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Insurance rarely covers 'intangible' losses

Intellectual Property Insurance

Trade secrets and other types of intellectual property often are considered “intangible property” by insurance underwriters, so employee theft of such property is rarely covered, experts say.

A fidelity bond or crime insurance policy will cover losses suffered when an employee is involved in stealing a tangible company asset, such as money or securities, said attorney Marialuisa Gallozzi, a partner at Covington & Burling L.L.P. in Washington.

Employee theft of trade secrets, patents and ideas “happens with some frequency. However, the crime policies typically don't cover this,” said Stephen Leggett, senior vice president in Willis North America Inc.'s FINEX North America division in New York.

“I've not seen any coverage in the last decade that would affirmatively cover your employee stealing your trade secret and indemnifying you for the loss of that trade secret,” said Bob Parisi, network security and privacy practice leader at Marsh Inc. in New York.

Some cyber policies will pay for costs associated with data breaches caused by employees, including the cost of notifying affected individuals if personal information is exposed; forensics costs; legal costs; notification costs; credit monitoring; and public relations costs associated with an employee theft of personal client information stored on company computers, said Christopher Keegan, senior vice president of national resource errors and omissions and e-risk at Willis in New York.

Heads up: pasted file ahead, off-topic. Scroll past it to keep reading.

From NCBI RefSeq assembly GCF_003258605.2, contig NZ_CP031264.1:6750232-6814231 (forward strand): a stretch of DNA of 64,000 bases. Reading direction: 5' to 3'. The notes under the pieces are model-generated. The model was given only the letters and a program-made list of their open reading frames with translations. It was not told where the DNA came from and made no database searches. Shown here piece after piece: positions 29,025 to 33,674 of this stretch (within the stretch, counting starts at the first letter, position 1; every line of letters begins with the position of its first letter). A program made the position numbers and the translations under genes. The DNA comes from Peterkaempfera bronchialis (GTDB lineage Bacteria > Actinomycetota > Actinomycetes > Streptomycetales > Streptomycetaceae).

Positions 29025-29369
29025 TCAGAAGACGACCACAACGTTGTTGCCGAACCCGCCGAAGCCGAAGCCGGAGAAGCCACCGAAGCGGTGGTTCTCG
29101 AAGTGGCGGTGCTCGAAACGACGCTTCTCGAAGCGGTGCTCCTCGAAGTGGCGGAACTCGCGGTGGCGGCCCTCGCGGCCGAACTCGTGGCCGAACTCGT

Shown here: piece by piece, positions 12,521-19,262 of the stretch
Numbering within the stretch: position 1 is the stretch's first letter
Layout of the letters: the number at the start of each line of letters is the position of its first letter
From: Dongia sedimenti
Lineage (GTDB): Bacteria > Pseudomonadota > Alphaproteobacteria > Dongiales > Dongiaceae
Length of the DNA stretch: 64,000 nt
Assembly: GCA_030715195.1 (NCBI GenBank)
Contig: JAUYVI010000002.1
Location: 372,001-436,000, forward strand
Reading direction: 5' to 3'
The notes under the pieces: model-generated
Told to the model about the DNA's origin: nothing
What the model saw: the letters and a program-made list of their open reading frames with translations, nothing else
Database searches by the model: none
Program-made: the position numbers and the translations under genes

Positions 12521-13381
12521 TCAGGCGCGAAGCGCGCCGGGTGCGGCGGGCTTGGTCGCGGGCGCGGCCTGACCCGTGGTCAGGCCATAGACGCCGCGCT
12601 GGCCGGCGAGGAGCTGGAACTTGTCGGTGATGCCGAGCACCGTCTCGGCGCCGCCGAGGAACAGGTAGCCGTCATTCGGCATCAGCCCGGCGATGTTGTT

“There is also coverage (in a cyber policy) that would indemnify in the event there is a lawsuit against the organization,” such as when “victims seek damages if their (personal) information has been breached,” said Eric Cernak, vice president at Hartford Steam Boiler Inspection & Insurance Co. in Hartford, Conn.

“As long as a policyholder can establish a direct connection between release of (intellectual property) and money lost, crime insurance should cover the loss because it is not intangible,” said John Nevius, a shareholder at Anderson Kill & Olick P.C. in New York.

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